We can find motivation for ourselves by examining the possible benefits of the non-monogamous approach to break ups. Equal features of monogamy are the devastation, regret, and longing attached to the end of a relationship. Of course, by rejecting monogamy you don’t become immune to those types of experiences. There will still be grief and loss. It will take time to adjust to changes, as it should. Removing romantic features of a relationship likely means that other aspects of the relationship will have to change as well. I am not claiming that the process becomes easy—though hopefully, in time, it becomes easier.
We all know that relationships can be more meaningful through overcoming obstacles. The core of my claim is that these kinds of experiences become reframed within an open relationship. We come to look at their causes from a fresh perspective. And that alone will change the experiences.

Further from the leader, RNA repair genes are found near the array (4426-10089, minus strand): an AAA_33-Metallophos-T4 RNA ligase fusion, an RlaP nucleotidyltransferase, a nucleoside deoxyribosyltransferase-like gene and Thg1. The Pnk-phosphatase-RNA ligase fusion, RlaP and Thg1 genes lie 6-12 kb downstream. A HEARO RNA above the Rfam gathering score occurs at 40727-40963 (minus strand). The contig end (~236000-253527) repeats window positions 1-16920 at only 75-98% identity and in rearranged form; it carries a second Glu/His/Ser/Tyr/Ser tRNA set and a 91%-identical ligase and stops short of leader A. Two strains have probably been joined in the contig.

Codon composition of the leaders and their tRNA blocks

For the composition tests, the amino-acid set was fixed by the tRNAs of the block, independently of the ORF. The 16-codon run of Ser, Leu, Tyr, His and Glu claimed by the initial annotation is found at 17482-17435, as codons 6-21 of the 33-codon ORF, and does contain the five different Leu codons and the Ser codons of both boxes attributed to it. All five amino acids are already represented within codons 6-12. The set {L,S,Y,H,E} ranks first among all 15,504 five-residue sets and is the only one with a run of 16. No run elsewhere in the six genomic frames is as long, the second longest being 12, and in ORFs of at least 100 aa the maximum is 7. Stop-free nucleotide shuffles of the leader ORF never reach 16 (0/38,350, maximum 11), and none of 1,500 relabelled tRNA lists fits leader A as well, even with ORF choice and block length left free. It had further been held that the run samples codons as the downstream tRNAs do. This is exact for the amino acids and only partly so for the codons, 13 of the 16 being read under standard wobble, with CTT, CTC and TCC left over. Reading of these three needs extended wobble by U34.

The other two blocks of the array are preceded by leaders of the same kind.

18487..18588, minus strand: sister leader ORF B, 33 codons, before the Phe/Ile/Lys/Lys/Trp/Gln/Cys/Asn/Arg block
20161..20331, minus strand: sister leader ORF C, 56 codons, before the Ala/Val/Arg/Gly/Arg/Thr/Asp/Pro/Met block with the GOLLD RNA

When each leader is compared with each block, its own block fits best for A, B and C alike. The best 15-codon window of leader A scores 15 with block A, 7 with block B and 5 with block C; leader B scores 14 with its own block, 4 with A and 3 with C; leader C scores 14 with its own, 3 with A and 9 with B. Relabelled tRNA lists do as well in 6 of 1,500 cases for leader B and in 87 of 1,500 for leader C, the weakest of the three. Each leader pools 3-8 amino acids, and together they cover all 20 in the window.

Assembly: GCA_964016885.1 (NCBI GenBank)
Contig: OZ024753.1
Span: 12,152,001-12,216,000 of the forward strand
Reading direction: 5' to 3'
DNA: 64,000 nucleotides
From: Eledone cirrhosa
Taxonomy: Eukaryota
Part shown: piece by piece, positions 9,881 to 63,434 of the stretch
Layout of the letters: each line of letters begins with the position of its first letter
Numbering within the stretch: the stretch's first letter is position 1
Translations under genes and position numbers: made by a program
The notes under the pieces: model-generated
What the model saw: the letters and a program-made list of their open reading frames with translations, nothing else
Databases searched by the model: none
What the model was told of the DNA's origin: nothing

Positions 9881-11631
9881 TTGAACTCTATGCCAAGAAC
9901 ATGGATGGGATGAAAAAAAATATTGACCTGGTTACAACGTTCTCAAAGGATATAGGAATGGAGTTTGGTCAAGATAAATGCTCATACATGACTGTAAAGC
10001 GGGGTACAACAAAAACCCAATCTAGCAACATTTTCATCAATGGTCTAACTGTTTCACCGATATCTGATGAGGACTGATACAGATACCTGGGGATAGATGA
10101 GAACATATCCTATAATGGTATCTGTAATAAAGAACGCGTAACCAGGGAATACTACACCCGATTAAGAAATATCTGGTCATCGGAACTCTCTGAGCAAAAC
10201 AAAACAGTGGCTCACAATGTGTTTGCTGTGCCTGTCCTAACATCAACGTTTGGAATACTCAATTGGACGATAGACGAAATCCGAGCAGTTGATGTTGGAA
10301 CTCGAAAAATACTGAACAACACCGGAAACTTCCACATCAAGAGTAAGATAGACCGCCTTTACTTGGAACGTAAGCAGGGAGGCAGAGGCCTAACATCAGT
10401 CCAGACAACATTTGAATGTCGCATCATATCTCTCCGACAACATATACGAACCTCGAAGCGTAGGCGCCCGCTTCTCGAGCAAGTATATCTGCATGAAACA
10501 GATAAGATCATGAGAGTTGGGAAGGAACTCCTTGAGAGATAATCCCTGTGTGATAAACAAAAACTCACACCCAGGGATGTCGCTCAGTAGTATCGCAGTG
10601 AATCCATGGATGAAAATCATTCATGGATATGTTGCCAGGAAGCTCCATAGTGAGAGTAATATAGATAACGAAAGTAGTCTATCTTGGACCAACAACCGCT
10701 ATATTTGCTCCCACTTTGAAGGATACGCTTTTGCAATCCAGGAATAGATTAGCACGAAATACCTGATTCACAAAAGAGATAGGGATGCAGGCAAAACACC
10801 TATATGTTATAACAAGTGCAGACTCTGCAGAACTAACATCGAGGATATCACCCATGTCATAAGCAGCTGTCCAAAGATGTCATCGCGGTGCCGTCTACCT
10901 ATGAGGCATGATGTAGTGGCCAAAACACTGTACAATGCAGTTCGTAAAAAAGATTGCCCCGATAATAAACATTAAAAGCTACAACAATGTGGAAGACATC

An open relationship is, at bottom, a rejection of that which makes the monogamous conception of a break up, and its attendant fall out, possible. Romantic open relationships can still end, and the process might hurt a greal deal, but it all takes place in a fundamentally different structure. The new structure delinks the thought of a relationship end from the thought of a break up. And it is a structure created, not imposed, by you and your partner with the express goal of living well together.
In the end, the warning I am offering is simple: just as you shouldn’t allow monogamy to dictate how you operate in a relationship, you shouldn’t let it dictate how you end one. And reflecting on the warning leads us to see that, in considering how non-monogamy reconceives of the ‘break up’, we find one of the strongest arguments in its favor.